What is the National ECCE Curriculum?
The National ECCE Curriculum is a comprehensive, research-based document which facilitates curriculum planning for children three and four-years of age.
It adopts an integrated approach and caters for holistic development of the young child with an emphasis on values education and early literacy and numeracy.
ECCE Curriculum is designed according to five strands:
2. Effective Communication
3. Aesthetic Expression
4. Intellectual Empowerment
How Children learn using this curriculum?
Through the seven broad principles reflecting developmentally appropriate practices; Holistic Learning and Development, Active Learning, Interactive Learning, Integrated Learning, Learning through Play, Partnership/Relationship for Learning, and Authentic Assessment. These principles are central to quality curriculum for three and four-year old children in early childhood settings.
How is the curriculum delivered?
The curriculum is integrated so that children’s learning in all areas occurs primarily through the in-depth explorations of themes and projects, which are organized in such a way that they cut across subject matter lines, bringing together various aspects of the curriculum into meaningful association. For example, children making soup are learning the names of the vegetables (language), the shapes of the vegetables (geometry), the weight of the ingredients (math), and the effect of heating up the contents (science) not to mention social cooperation in making and enjoying a consumable product. The integrated curriculum is emergent, incorporating the use of projects, themes and the use of learning centres with a variety of materials and resources, which help to add depth to the curriculum, and four interactive processes used in implementation. Themes, projects and activities are based on how children learn and on their expressed or observed interests.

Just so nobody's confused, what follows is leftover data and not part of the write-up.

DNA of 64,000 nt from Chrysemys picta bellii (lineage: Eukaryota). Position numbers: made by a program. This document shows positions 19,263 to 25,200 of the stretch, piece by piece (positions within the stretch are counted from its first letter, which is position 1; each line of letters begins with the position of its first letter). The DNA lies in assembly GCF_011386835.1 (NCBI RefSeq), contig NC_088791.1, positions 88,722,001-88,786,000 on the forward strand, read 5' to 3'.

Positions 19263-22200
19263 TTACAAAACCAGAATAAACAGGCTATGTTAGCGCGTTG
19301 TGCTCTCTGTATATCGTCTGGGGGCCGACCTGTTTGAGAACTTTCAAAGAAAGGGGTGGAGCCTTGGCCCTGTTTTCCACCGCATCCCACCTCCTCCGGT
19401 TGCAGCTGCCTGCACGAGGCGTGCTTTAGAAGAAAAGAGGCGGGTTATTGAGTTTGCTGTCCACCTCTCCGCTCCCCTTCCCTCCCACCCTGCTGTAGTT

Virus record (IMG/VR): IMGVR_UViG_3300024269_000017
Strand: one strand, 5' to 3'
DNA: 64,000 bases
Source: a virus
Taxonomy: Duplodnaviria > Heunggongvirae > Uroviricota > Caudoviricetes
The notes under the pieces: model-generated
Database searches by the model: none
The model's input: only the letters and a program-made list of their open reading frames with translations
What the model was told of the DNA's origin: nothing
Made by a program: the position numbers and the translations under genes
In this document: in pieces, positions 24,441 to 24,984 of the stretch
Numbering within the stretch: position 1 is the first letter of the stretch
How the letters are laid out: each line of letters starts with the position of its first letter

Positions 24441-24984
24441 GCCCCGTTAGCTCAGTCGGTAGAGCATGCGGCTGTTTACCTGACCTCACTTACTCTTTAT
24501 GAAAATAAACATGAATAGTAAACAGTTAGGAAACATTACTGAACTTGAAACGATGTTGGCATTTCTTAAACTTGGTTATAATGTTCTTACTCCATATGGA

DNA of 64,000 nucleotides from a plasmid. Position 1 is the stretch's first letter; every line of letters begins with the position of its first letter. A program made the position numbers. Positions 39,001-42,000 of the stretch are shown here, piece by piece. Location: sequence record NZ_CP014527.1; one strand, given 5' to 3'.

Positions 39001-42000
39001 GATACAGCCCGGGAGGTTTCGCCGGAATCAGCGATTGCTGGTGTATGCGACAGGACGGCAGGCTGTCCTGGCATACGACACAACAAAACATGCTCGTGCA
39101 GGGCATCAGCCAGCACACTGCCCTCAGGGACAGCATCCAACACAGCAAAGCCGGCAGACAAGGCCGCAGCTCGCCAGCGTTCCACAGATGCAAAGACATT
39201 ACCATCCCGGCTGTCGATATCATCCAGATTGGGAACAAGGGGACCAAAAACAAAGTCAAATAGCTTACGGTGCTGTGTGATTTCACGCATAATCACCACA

How is compliance to the National Curriculum ensured?
The ECCE Division ensures quality in the implementation of curriculum for both the public and private ECCE sector. This is done through intensive monitoring and evaluation by a core curriculum team as well as a progressive training programme for all levels of staff.
Will children learn literacy and numeracy skills using the curriculum?
Key Components of Literacy
Key Components of Numeracy
Phonological and Phonemic Awareness
Print Knowledge and Concepts
Space and Position
Comparison of Measure including time and money
Statistics (information gathering/tables/ charts)
How parents are involved in the curriculum?
Teachers develop the following partnerships to promote children’s learning:
- partnerships with children;
- partnerships with parents/family;
- partnerships with the community;
- professional partnerships
These partnerships are built on collegiality, trust and mutual respect and promote ownership of the curriculum.